Guys and Dolls, Phoenix Theatre, London ★★★

Reviewed for Musical Theatre Review:

Damon Runyon’s stories of 1950s New York, which form the basis of Frank Loesser’s musical Guys and Dolls, show a side of Broadway vastly at odds with the backstage antics and tap dancing mayhem of the usual period comedy set on the Great White Way.

Instead, we spend two and a half hours with the gamblers, lowlifes and their associates, which is far more interesting. The only nod to the theatrical world is the Hot Box club, where Nathan Detroit’s perpetual fiancée Miss Adelaide performs.

And it is the role of Miss Adelaide which has prompted renewed interest in this production, with the casting of Australian comedic actor Rebel Wilson in the role. Wilson shot to prominence in the Pitch Perfect movies, which illustrated both her singing ability and her hilariously coarse brand of humour. Elements of both are present in her performance here.

Miss Adelaide’s dialogue contains plenty of opportunity for innuendo, which the role’s previous incumbent, Samantha Spiro, used to great effect to give a portrayal of a sweet and affectionate woman who didn’t always realise what she was saying.

Wilson has a starkly different reading of the character, removing the double from every entendre and bringing a raucous, anarchic edge to Miss Adelaide’s demeanour. And yet such moments are occasional, with a sweet and charming side of the character also coming through in waves that make Wilson’s portrayal feel uneven.

Matters are not helped by an accent which roams around the Eastern seaboard, as well as from octave to octave, seemingly on a whim. Initially it seems that the wildly varying voice, from guttural bass to nasal shrill, is an interpretation of Miss Adelaide’s cold (as documented in the song ‘Adelaide’s Lament’). If so, it’s not a particularly successful one.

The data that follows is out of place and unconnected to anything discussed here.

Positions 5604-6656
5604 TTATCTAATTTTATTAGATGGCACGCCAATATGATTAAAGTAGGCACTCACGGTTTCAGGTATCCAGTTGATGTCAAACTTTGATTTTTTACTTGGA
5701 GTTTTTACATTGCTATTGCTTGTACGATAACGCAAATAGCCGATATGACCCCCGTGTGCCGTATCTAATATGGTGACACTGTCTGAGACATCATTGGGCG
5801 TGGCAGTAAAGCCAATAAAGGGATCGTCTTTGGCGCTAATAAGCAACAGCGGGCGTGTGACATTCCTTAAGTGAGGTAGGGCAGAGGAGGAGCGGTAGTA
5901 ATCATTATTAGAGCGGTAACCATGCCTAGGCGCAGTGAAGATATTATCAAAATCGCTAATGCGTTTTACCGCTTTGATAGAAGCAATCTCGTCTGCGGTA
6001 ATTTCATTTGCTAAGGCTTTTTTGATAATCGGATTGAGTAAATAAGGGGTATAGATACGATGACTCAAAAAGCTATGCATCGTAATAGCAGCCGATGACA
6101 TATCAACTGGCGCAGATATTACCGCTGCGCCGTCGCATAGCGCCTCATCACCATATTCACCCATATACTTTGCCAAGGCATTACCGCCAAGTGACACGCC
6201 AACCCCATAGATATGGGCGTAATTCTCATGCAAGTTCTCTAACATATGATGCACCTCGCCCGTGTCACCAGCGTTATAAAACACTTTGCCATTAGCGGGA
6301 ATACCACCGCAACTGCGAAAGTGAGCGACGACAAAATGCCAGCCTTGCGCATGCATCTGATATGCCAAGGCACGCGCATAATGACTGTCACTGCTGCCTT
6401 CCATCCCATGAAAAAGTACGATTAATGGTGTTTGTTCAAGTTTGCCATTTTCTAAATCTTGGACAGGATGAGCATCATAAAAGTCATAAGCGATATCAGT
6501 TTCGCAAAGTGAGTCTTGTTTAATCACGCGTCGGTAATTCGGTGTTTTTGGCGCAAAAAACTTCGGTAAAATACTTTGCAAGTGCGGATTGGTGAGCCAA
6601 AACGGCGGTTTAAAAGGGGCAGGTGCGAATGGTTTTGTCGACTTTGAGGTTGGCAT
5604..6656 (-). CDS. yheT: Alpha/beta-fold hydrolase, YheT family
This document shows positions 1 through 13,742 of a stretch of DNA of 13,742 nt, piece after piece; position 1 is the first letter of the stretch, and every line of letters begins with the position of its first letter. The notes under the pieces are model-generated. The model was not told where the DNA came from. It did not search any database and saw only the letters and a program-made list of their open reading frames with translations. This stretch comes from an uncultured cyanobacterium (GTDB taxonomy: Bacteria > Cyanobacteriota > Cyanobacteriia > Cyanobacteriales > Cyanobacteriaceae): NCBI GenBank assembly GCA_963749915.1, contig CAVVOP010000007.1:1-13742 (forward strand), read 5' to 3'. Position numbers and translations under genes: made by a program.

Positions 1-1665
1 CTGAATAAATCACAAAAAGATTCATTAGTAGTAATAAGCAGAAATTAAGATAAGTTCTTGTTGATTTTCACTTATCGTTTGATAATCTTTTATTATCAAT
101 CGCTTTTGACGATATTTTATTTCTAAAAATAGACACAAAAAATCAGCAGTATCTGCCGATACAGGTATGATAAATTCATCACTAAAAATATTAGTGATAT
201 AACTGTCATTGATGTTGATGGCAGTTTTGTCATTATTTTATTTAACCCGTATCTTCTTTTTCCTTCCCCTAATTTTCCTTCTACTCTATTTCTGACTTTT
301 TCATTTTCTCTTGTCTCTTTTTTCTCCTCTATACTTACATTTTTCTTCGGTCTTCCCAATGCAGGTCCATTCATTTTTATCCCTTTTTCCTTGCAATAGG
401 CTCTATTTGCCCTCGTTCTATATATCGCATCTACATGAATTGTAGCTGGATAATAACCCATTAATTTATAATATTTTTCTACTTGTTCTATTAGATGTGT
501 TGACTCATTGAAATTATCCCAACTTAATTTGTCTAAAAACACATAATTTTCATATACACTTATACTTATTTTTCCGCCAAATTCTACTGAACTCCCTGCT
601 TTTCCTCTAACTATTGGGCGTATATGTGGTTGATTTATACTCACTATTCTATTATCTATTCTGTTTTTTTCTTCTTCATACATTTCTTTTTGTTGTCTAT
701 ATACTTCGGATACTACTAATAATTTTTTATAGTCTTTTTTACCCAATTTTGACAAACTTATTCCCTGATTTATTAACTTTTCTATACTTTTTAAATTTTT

What is most frustrating about the unevenness of Wilson’s performance is that, particularly in Act II, she proves herself completely capable of evincing genuine emotion in Adelaide’s quieter, more contemplative moments.

By the musical’s end, one does grow to believe that she and Nathan (Simon Lipkin) are long-term lovers with genuine feeling for each other. But for much of the evening, it feels like Wilson is in a different production from the rest of the cast.

Lipkin, who like Wilson has recently joined the cast, brings an amiable dynamism to Nathan Detroit, with a perpetual twinkle in the eye that suggests both actor and character are having the time of their life.

Oliver Tompsett’s Sky Masterson and Siubhan Harrison’s Sarah Brown have what passes in Guys and Dolls for more of a conventional romantic relationship, including some great comedic moments in the show’s Havana-set scenes and a rollicking performance by Tompsett of ‘Luck Be a Lady’ in Act II.

The undoubted star of the whole show, though, is Andrew Wright’s exuberant choreography, performed by an ensemble which is clearly having a ball with his 1950s-inspired moves.

That the Cuban dance sequence, choreographed by Carlos Acosta, becomes the standout dance sequence in the whole production is remarkable given the high standard elsewhere.

Further joy is brought with the show’s climactic number, ‘Sit Down, You’re Rockin’ the Boat’, as Gavin Spokes’ Nicely-Nicely Johnson proceeds to bring the house down, backed up by the entire company. The entire sequence is probably the most feel-good moment of any show in the West End right now, and its place so close to the end of the show helps to ensure that memories of a stodgy Act I, and of an unusual and ineffective interpretation of Miss Adelaide, do not overshadow all the good things about this joyous show.